In exercising his war-making powers, the President has historically pursued war-related initiatives that implicate civil liberties. Meanwhile, the Congress, with little incentive to resist these initiatives, has played a steadily declining role in warmaking. In this Essay, Professor Devins examines this dynamic, and argues that with Congress largely standing on the sidelines as the President leads the nation in war, it is the American public that has become the principal check on the powers of the President in wartime.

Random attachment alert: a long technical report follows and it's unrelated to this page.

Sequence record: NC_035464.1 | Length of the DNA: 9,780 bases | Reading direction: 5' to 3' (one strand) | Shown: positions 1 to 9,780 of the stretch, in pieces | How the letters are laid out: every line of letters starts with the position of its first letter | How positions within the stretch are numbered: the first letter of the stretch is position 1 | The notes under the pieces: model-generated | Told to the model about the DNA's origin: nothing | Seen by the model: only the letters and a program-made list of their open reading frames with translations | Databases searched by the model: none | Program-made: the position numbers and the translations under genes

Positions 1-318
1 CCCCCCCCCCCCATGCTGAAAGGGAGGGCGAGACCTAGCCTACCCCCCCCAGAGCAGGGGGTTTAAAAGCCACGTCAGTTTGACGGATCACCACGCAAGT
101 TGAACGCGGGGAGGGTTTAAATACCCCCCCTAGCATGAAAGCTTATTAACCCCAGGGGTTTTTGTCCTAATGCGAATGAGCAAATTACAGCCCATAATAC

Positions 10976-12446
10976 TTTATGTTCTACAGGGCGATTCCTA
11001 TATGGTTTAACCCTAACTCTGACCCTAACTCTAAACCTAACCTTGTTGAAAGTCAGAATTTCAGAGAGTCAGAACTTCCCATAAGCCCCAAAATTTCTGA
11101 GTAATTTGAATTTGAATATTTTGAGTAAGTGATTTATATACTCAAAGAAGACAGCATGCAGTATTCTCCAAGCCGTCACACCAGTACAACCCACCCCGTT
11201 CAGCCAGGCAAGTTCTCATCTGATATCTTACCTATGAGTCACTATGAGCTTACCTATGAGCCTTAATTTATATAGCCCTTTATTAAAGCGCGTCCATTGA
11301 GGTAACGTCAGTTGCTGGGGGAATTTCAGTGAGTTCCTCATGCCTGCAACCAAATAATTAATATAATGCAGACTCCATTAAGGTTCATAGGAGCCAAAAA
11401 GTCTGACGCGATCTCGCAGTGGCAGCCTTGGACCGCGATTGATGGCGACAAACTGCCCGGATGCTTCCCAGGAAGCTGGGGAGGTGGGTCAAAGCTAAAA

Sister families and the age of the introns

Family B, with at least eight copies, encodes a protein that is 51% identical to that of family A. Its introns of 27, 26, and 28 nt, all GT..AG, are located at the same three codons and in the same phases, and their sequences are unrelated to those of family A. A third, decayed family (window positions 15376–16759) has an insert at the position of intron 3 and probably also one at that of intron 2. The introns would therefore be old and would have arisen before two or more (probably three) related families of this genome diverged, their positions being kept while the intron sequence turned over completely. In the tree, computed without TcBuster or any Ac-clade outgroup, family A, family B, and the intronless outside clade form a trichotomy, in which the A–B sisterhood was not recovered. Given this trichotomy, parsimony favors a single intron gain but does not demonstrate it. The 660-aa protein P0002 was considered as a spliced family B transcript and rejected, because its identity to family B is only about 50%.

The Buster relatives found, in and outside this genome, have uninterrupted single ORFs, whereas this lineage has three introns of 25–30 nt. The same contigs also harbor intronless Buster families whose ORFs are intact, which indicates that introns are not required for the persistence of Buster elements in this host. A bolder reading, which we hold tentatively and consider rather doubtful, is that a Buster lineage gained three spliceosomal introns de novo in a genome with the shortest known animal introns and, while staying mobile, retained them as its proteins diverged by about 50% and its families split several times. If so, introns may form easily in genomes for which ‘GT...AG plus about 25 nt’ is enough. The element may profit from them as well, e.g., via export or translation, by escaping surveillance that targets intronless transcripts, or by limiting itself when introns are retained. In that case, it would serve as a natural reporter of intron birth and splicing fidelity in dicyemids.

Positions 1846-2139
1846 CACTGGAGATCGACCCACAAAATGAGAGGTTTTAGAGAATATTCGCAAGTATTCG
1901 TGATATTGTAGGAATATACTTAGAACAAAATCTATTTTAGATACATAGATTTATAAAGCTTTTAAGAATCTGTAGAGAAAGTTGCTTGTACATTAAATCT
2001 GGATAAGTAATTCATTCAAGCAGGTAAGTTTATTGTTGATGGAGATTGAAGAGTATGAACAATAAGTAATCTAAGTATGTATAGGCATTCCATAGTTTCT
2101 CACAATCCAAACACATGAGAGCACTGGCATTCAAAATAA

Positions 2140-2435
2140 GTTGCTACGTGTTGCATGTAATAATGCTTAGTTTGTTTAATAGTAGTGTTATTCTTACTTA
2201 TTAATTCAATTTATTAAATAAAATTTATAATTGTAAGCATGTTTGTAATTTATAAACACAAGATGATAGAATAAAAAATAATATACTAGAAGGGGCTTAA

Repository CitationNeal Devins, Congress, Civil Liberties, and the War on Terrorism, 11 Wm. & Mary Bill Rts. J. 1139 (2003), http://scholarship.law.wm.edu/wmborj/vol11/iss3/9
11 William & Mary Bill of Rights Journal 1139-1154 (2003)